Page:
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Saturday, May 26, 2012

Queer Eye for the Stereotype

Several years ago, my liberal tolerance bonafides were put in peril when I noticed the surprising number of lesbians at Denver's Pride Parade who were wearing jean shorts, t-shirts with the sleeves rolled up, and full-on mullets.  None of these ladies would be confused for men, of course, but it was pretty obvious they were all shopping at the same store participating in a stereotype, whether they knew it or not.  It was, almost literally, a uniform.
 
And yet there's nothing about being sexually attracted to women that forces one to wear a mullet or jorts or to so studiously roll those shirt sleeves up. So why do it?

My theory was that it's a case of in-group signaling.  Since it's not really practical to go around all day saying, "I'm gay," it may be more efficient, not to mention subtle, to communicate that through fashion.  I think that not only accounts for the mullets, but for pretty much any gay stereotype out there, from the lisps to the overly dramatic theatricality.

This pretty much confirms my view:
When I came out in college, I was lucky enough to do so in the company of three highly experienced lesbian roommates, all of whom advised that I reconsider the long, shapeless locks I'd carried over from my high-school days. One of the gang, as odds would have it, owned all six seasons of The L Word on DVD -- 24 discs of the kind of soft-core, girl-on-girl action that only Showtime could get away with -- and we scoured each episode for hair inspiration.

I eventually settled on Shane's cut, the only style on the femme-heavy show that looked queer enough to help me land a date. I printed out a photo and brought it to a hairdresser in Dupont Circle, Washington, D.C.'s original gayborhood, to take my first physical step toward assimilation into the all-welcoming queer community I imagined was waiting for me.
The joke I've often used is that these women go to the hairdresser and say "I'd like to look as gay as possible."  Of course, I always thought that was a joke, as in it's funny because it doesn't happen like that.  But now I'm not so sure.  Now I think there may actually be some "queer" hairdressers out there who have "The Gayest Haircuts In Town" printed in big block letters on their business cards as a selling point.

And that's sad, I think.  What's also sad is that the overall effect of reading this lady's piece about her gayborhood, my impression wasn't one of understanding or even empathy.  I felt more isolated and disconnected with every word. 

Queer this, queer that.  Thirteen times she used that word, sometimes as a noun, sometimes as an adjective, but never as a pejorative.  She can do that.  She's a lesbian.  The straight guy using the word "queer" thirteen times in a 950-word piece?   Well, he should be careful.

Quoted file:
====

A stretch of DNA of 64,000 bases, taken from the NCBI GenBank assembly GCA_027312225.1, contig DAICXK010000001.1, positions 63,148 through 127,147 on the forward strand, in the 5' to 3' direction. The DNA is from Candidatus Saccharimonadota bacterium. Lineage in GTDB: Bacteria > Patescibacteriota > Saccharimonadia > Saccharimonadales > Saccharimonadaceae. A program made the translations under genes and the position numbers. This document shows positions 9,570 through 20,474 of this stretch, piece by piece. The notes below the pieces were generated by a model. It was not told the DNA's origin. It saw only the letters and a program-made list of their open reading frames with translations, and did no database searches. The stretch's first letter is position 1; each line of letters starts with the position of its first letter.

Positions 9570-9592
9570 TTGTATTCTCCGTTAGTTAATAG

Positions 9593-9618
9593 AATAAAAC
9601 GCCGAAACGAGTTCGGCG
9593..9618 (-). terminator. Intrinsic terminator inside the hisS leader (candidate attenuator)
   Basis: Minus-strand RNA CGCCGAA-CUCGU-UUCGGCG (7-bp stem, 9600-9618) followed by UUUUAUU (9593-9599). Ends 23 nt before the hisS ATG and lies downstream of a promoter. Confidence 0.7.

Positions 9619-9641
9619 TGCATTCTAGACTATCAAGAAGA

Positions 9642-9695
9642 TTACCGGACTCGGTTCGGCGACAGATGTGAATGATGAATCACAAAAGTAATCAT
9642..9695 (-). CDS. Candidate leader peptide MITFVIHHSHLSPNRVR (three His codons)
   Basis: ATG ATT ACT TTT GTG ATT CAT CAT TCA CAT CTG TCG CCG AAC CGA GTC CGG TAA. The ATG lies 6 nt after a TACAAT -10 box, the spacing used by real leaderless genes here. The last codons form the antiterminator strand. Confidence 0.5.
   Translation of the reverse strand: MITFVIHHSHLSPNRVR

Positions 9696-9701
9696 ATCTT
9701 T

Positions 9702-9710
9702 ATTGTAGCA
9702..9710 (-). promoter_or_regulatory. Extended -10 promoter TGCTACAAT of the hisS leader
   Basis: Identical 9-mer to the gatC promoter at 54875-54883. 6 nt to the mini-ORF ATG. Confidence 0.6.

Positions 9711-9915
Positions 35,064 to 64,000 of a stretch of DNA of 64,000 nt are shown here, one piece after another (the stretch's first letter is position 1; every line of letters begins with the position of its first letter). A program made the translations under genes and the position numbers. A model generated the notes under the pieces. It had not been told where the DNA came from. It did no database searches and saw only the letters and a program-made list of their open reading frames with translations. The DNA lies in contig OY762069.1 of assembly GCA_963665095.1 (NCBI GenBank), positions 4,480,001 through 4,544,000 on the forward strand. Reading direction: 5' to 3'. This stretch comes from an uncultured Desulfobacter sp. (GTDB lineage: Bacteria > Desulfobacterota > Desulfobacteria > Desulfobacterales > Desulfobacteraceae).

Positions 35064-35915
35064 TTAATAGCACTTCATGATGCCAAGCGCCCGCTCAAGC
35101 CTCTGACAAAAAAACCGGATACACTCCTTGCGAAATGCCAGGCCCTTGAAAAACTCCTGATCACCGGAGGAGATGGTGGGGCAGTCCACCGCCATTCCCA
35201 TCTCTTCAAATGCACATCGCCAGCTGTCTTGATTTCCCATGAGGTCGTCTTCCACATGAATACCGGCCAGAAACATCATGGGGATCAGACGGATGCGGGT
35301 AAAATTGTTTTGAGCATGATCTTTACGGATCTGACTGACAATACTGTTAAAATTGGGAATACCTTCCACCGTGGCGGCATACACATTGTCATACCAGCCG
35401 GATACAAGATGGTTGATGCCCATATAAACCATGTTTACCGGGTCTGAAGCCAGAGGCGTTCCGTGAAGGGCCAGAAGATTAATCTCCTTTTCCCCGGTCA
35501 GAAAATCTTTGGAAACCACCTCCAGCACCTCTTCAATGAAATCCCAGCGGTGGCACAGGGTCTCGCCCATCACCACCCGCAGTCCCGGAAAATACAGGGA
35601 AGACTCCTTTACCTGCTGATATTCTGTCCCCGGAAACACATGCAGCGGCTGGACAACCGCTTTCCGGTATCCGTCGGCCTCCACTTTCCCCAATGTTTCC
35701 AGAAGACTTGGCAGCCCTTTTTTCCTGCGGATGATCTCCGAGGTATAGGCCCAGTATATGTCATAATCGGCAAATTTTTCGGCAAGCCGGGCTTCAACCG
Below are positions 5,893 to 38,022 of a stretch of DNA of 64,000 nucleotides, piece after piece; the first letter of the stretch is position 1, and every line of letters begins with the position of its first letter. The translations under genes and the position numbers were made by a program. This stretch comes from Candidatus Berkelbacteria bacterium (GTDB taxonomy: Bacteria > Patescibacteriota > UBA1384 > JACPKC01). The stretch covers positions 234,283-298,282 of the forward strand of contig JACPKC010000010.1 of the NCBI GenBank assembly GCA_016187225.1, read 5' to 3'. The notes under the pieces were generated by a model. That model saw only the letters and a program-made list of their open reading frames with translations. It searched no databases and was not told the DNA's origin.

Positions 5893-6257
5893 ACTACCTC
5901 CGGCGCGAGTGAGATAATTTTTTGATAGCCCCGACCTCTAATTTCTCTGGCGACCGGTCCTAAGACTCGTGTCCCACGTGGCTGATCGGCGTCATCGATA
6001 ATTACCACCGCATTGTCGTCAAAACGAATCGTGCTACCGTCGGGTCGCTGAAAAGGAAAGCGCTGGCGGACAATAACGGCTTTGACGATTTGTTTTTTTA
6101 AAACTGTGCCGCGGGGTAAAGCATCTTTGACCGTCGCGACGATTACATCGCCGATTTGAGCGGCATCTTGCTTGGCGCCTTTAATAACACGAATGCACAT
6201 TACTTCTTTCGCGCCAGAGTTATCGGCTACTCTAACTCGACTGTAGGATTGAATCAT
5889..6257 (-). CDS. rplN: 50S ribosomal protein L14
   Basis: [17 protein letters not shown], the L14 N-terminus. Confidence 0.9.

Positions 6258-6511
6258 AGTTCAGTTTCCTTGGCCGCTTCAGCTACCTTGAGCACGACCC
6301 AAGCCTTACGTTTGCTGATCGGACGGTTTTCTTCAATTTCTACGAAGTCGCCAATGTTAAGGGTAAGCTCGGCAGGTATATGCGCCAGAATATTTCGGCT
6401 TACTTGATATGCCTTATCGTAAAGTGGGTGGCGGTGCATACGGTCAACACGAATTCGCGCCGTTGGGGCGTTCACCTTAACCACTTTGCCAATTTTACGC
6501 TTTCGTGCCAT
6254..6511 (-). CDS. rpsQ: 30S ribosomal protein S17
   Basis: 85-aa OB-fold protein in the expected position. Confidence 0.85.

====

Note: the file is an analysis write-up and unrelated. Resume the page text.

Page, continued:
Because he's a straight man and he just doesn't know....

Friday, May 25, 2012

Breaking News

Operator of hydroponic store behind marijuana growing ring.

Also, water is wet and shit rolls downhill. Now here's Tom with the weather.

 The sad thing about this story is that my first instinct was to call this guy an idiot for playing out the stereotype.  Of course the hydro guy is growing weed.  If he was just growing tomatoes, that would be weird.  And of course the Feds are going to go after him.  He's industrial level, a kind of grow operation multiplier, and he's making money.  The Feds are very interested in money.

But then I thought about it.  I have no personal beef with marijuana or the people who grow it.  I actually lean more on the "they're doing a public service" side of the equation and while I don't idolize the mad scientist growers of the world, I do value their work.

I also think the Feds are wrong on this issue.  Prohibition and enforcement create more problems than smoking dope.  Is this guy stupid for using his hydro store as a front, or is it the whole Drug War that's stupid?

If this guy is stupid, it's only because he refused to play the game.

Monday, May 21, 2012

Leksonpalooza

Yesterday I watched all six parts of Steve Lekson's "A New History for the Ancient Southwest" and it was fascinating.  I knew a lot of this stuff, but there was a lot I didn't know, and it was nice to hear Lekson talk about it.  He comes off more confident in his ideas in this presentation than he did in his book, The Chaco Meridian, which has a "I know this is crazy, but hear me out" tone to it.

I'm not sold on the meridian idea, per se, but Lekson has convinced me on various other notions that most southwest archaeology considers absurd.

Among them: